If you’re welcoming a new puppy into your home, then you’re in for a long, probably tiring yet highly rewarding journey. There are so many things to remember when looking after a new puppy, one of which being to get them booked in for their puppy vaccinations.
Just as babies need vaccinations, puppies do, too. This is essential for their health, so much so that you can’t even take them for a walk outside and socialise them with other dogs until they’ve had these inoculations. But what vaccinations do they need? Read on below to find out.
Your puppy will receive their first vaccinations at approximately eight weeks, though this can often vary anywhere between six to ten weeks. This is known as the primary course of vaccinations. During this, they don’t receive all their injections at once, rather they receive two to three injections that are given two to four weeks apart based on the most suitable solution for your pet (as your vet will discuss with you).
It’s after the second injection that your puppy will be allowed to socialise with other vaccinated dogs, though it is advised to wait two weeks to ensure that the injections have kicked in and they are fully protected.
The diseases they are protected against include:
- Canine distemper
- Canine parvovirus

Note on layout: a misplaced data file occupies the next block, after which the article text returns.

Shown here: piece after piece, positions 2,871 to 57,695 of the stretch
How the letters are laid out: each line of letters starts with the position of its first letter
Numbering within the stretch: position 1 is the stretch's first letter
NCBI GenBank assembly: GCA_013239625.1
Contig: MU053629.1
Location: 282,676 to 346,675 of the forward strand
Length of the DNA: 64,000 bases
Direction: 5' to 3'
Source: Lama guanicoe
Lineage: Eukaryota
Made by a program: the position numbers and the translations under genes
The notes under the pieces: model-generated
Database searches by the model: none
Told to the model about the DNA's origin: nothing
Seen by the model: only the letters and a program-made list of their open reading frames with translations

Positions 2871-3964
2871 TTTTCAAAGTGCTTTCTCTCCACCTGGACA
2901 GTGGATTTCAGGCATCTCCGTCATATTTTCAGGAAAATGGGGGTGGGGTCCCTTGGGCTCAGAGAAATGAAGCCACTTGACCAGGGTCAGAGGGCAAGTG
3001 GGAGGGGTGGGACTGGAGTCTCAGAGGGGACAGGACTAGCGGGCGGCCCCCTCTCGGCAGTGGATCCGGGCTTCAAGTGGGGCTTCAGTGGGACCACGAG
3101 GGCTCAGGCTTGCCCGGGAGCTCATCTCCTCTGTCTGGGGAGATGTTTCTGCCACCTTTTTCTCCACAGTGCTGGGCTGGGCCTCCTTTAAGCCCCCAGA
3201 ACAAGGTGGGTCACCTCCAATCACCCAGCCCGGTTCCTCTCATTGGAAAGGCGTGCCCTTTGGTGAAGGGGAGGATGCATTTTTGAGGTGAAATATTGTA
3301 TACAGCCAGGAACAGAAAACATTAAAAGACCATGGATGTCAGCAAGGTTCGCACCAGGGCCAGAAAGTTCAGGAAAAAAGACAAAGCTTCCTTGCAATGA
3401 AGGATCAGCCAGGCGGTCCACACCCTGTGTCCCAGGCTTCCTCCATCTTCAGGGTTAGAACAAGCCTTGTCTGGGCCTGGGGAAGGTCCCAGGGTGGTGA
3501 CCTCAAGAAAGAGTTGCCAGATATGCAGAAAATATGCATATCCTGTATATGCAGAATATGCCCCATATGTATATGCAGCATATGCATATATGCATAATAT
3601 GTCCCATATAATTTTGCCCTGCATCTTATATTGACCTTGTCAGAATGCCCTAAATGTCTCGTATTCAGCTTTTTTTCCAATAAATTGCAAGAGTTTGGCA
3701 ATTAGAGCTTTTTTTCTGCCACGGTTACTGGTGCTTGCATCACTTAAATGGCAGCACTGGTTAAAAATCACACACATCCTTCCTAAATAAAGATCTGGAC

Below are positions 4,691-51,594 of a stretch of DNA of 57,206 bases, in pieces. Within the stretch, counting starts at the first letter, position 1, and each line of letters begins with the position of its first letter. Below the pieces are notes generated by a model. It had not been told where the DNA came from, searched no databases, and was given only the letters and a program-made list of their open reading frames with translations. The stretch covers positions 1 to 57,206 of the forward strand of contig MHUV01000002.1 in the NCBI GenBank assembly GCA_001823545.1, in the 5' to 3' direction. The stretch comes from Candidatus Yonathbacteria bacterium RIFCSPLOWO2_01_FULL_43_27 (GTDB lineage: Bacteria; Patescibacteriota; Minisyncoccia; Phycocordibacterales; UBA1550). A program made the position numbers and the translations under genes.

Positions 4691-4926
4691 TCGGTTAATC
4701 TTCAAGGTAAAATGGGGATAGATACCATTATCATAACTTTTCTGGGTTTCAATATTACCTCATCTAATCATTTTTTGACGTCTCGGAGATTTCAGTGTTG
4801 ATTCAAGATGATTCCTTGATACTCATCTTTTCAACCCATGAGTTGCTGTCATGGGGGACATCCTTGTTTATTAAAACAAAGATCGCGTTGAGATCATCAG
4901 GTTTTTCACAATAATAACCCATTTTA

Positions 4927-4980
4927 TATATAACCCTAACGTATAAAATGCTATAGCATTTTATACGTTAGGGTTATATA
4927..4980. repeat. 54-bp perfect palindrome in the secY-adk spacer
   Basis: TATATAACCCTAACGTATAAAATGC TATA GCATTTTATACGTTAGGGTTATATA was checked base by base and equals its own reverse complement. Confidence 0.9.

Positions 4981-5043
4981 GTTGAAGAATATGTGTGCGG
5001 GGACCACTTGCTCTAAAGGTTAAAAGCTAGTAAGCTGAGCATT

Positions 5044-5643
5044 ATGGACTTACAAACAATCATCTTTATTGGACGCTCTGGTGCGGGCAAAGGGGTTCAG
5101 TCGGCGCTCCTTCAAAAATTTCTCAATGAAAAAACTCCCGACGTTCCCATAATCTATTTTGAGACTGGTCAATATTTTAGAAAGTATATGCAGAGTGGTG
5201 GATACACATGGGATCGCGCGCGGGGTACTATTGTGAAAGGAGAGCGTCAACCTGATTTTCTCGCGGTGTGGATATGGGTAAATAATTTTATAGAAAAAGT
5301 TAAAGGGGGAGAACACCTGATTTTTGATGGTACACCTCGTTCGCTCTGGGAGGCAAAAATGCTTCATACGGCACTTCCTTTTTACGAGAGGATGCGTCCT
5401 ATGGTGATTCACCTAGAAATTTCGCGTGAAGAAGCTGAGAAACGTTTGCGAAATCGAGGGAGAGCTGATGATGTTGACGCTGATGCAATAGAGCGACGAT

- Canine adenovirus type 1 and 2
Whilst the aforementioned diseases are considered core vaccinations, meaning they are essential for your puppy, there are also two additional vaccinations that you can choose to pay for your puppy to receive.
These are for kennel cough (protecting against both bordetella and parainfluenza) and rabies. Kennel cough, though rarely serious, can be unpleasant for your dog and has the potential to lead to more serious problems, especially if they have a compromised immune system.
As for rabies, this is a severe and fatal disease for dogs if contracted, though it is not present in the UK, hence why it is not considered essential. If you plan on taking your dog abroad, then you may need to get them vaccinated for this.
This primary course of vaccinations will protect your puppy for 12 months, after which they will need to start receiving annual booster injections. This is because the vaccines can lose their potency over time, so will need topping up in order to keep your pet protected.
At this annual booster appointment, your vet will be able to assess the vaccines that your dog will need for the year ahead. Some vaccines, such as leptospirosis, will need topping up every year, whilst others, such as canine adenovirus, canine parvovirus and canine distemper, provide immunity that can last up to three years before they need to be topped up.
If you live in or around Lancaster, then Bay Vets is the reliable veterinary practice that you should trust.
Get in touch with us today to register your puppy and book an appointment.